Tasmania ‘losing’ its penguins as authorities grapple with spate of dog attacks


September 04, 2019 13:24:59

Eric Woehler is sick of the continuous penguin deaths from dog attacks in Tasmania.

Key points:

  • More than 170 little penguins in various colonies around Tasmania have been killed in the past year
  • Experts say it’s put the species in a “tenuous” position
  • Wildlife advocates say it is time for more action from the State Government

“It’s unbelievable that we’re having this conversation yet again,” he says.

He is referring to the latest attack, which saw 42 little penguins being mauled to death at Wynyard in the state’s north-west last Thursday.

There have been seven attacks on little penguin colonies in the north and north-west in the past year, leaving a total death toll of more than 170.

It’s an all too common scenario for Mr Woehler, the convenor of Birdlife Tasmania.

“It just seems that we barely forget about one dog attack and then there’s another one that happens almost straight away,” he says.

“The Tasmanian community clearly has had enough.

“[Yet], we don’t see any real response in terms of changes on the ground.”

Orphaned chicks need round-the-clock care

After the latest attack, the nearby Penguin Rehab and Release facility swung into action rescuing orphaned chicks.

“They’re standing at the edge of their burrows, calling for their parents,” treasurer Sondra Roberts says.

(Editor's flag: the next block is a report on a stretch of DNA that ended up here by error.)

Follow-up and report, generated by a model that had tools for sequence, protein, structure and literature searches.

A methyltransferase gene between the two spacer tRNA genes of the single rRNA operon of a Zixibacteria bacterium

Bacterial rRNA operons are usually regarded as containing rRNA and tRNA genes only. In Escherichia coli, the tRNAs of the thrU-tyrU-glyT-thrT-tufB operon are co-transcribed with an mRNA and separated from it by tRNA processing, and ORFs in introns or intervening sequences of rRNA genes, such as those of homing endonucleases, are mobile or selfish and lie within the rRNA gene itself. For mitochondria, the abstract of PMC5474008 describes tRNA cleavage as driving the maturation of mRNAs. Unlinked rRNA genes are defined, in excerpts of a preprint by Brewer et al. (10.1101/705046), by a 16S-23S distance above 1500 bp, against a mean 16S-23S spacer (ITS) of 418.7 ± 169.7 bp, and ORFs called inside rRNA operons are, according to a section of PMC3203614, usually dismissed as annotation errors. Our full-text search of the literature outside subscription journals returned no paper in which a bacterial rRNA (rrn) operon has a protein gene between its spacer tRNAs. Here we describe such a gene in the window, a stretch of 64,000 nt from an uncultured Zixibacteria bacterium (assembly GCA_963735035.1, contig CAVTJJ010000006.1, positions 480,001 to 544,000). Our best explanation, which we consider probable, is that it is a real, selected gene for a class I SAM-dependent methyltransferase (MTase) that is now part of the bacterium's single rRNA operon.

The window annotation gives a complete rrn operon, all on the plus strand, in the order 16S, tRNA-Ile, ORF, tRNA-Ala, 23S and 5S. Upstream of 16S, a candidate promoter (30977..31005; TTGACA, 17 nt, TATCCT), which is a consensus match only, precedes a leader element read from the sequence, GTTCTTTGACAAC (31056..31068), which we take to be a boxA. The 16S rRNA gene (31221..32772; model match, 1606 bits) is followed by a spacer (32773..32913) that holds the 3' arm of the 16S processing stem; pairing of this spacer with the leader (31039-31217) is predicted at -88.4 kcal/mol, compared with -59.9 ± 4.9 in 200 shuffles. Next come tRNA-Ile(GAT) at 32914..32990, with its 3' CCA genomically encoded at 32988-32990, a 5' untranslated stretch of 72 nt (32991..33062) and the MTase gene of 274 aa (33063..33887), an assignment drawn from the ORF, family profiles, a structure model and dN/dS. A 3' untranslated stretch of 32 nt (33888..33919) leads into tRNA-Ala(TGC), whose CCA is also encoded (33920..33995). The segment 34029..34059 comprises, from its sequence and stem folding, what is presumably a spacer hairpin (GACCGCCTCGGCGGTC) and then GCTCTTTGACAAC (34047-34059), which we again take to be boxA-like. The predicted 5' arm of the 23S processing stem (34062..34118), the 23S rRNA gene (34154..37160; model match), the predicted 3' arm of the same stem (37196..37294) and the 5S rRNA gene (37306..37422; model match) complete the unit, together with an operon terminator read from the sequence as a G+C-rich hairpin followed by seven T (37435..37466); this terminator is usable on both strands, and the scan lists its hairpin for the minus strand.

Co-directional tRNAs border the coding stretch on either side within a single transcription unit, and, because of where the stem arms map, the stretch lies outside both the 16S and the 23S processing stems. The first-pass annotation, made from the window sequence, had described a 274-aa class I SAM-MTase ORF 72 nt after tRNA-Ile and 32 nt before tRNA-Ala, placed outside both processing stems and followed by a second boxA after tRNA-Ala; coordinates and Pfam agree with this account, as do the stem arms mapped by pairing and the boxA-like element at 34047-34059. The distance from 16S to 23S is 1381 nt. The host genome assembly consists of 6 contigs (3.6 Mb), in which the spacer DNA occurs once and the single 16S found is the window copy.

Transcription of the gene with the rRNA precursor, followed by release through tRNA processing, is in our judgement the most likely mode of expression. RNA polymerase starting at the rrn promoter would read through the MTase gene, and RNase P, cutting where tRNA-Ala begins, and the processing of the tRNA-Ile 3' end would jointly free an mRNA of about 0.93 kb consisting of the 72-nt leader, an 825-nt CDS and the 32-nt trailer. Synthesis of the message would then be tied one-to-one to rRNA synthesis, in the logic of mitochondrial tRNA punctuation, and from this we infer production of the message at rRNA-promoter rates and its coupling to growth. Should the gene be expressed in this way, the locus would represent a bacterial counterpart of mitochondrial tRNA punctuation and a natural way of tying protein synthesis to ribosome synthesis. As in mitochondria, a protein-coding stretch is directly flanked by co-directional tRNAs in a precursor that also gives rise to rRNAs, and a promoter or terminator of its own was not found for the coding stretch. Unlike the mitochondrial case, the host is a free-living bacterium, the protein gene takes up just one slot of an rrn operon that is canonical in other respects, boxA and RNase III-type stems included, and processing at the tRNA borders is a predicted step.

“They’re struggling. They’re little, they’re vulnerable, they can’t fly.”

Ten orphaned chicks were taken in, but one has since died.

The chicks need intensive care; they are kept in a dark room, each one in a separate box and they are laying on towels that need to be washed.

Ms Roberts and her colleagues have had a “hectic few days”, trying to keep the chicks alive.

“That involves a tube down their throat so you can imagine a little penguin is not keen on having a tube down its throat, she says.

“[The volunteer] had to do that every two hours and at that time she was doing that for 10 chicks.”

They are now past that stage but need feeding every four hours, again via a tube.

On Monday, Ms Roberts did 10 loads of washing and the group put a call out for towel donations.

Ms Roberts fears for the future of the colony at Wynyard.

“One of the local people who’s involved with that colony has said there are probably only 20 penguins left there,” she says.

“That means that colony is not going to be viable. It could be the end of that colony.

“There are probably a lot of eggs because the adults would have been sitting on eggs too. We don’t know about those.”

Each time there’s another attack, solutions such as installing fences, security cameras and even dog bans — have been suggested, but advocates complain no government action has followed.

Survival of Tasmanian population ‘becomes more tenuous’ with attacks

Chris Burridge, an associate professor from the University of Tasmania who has been researching little penguins, says Tasmanian colonies have taken a hit.